While NSIDC prefers that all data sets come to NSIDC with identified funding for their continuation and management, we recognize that occasionally data of value to the cryospheric community need archiving, but lack specific funding or support. When possible, the SMT or designated NSIDC program works with the data provider to identify possible future funding opportunities, such as data rescue or exchange. If the SMT or designated NSIDC program feels that the value of the data is great enough, the data are accepted as "orphan" and given a lower level of service to support it. (Please see Levels of Service.) The SMT or designated NSIDC Program will continue to examine future funding opportunities to ensure the proper long-term management of the data at a higher level of service.
In the appraisal of new, PI-tendered data, the SMT considers the following:
- Appropriateness to NSIDC's mission statement and collection scope
- Its relationship to other data archived at NSIDC and thus its ability to illuminate or increase the value of existing data
- The cost of archiving the data (including space and resource needs)
- The value in strengthening bonds with funding agents and other agencies
- Outreach opportunities that fit within the NSIDC Outreach goals and objectives
Targets of Opportunity
The cryospheric community may also alert NSIDC to valuable data related to our holdings, being generated by a current or upcoming research project. NSIDC may reach out to the individuals involved to determine the appropriateness of the forthcoming data, and the SMT makes sure that proper data management policies are involved in the transfer of these data to NSIDC.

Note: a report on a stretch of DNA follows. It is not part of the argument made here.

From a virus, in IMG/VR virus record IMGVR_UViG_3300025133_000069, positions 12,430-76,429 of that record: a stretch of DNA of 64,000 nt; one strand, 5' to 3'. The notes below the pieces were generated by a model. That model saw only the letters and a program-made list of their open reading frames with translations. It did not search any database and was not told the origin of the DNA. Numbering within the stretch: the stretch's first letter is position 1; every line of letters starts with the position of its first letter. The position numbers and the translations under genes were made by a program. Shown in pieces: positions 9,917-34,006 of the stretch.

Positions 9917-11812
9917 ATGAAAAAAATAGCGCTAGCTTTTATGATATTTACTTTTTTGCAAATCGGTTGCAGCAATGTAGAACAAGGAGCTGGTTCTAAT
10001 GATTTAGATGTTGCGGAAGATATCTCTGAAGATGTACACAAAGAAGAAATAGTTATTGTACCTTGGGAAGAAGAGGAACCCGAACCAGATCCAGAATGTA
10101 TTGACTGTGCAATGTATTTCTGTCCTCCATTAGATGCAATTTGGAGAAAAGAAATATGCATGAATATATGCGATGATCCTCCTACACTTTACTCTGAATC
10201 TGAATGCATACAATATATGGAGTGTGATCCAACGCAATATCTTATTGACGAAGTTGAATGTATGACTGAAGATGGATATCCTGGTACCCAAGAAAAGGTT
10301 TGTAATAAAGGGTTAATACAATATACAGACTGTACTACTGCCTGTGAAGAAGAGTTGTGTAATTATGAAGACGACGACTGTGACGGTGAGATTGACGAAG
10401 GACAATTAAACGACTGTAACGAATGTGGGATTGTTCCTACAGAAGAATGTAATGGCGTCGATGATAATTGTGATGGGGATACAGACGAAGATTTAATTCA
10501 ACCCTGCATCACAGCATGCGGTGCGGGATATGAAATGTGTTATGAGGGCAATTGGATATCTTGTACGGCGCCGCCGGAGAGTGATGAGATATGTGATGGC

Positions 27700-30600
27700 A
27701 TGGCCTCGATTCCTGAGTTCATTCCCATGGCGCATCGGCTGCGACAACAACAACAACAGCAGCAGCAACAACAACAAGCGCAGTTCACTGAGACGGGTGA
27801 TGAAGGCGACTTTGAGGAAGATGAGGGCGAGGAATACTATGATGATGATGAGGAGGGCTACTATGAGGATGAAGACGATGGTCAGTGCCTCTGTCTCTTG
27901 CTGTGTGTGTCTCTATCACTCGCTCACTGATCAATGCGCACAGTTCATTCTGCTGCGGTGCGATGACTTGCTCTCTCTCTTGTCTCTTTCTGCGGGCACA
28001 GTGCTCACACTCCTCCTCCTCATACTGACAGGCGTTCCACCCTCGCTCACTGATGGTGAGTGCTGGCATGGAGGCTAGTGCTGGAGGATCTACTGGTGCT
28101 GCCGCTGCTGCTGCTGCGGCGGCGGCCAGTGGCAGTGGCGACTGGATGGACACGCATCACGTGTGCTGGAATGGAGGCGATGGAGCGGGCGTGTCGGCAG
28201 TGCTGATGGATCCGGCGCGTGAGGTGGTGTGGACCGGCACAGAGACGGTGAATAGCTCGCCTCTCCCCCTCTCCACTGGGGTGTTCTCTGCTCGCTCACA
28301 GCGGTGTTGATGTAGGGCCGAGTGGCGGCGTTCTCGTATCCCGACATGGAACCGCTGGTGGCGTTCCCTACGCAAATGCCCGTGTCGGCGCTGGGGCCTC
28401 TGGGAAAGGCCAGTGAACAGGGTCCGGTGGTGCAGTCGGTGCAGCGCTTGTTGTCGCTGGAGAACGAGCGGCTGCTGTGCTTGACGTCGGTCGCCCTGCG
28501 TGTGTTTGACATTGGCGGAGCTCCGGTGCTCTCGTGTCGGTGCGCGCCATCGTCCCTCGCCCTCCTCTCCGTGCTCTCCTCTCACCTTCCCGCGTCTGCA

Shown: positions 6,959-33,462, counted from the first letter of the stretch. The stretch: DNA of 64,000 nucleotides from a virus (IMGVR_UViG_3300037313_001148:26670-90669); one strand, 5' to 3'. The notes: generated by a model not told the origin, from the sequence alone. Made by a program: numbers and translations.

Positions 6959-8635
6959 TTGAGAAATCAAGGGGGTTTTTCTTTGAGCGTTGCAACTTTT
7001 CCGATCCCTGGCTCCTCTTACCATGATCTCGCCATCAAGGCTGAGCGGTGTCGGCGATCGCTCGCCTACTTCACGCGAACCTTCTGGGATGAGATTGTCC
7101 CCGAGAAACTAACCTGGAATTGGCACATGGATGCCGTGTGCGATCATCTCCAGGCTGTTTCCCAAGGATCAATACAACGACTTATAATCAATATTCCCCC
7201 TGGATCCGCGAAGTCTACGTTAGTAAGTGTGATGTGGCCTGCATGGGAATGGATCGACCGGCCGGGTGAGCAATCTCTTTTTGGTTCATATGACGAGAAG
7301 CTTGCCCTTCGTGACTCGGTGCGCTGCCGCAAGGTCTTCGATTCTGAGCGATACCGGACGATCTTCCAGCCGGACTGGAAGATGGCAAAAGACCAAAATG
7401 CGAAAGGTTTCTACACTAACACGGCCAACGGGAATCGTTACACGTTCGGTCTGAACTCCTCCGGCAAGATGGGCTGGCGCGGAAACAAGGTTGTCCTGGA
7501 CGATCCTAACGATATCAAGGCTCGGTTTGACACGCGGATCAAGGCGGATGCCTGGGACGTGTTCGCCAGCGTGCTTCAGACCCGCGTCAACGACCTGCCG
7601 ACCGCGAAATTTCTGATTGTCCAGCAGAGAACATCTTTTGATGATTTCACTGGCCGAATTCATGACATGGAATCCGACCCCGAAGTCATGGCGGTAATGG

On occasion, NSIDC receives data from a data provider in exchange for NSIDC data products, to encourage international cooperation and dissemination of NSIDC data. The SMT's appraisal of these data determines their appropriateness within NSIDC and the appropriate program to which they should be affiliated. It is recognized that these data seldom have available funding for archival processes.
Some data sets and data products within the collection scope of the Center are created in-house by NSIDC personnel. The acceptance of these data sets requires the same process as does the acceptance of new data, and steps are taken to ensure a high quality product that maintains its ties, through metadata and documentation, to the original or raw data product.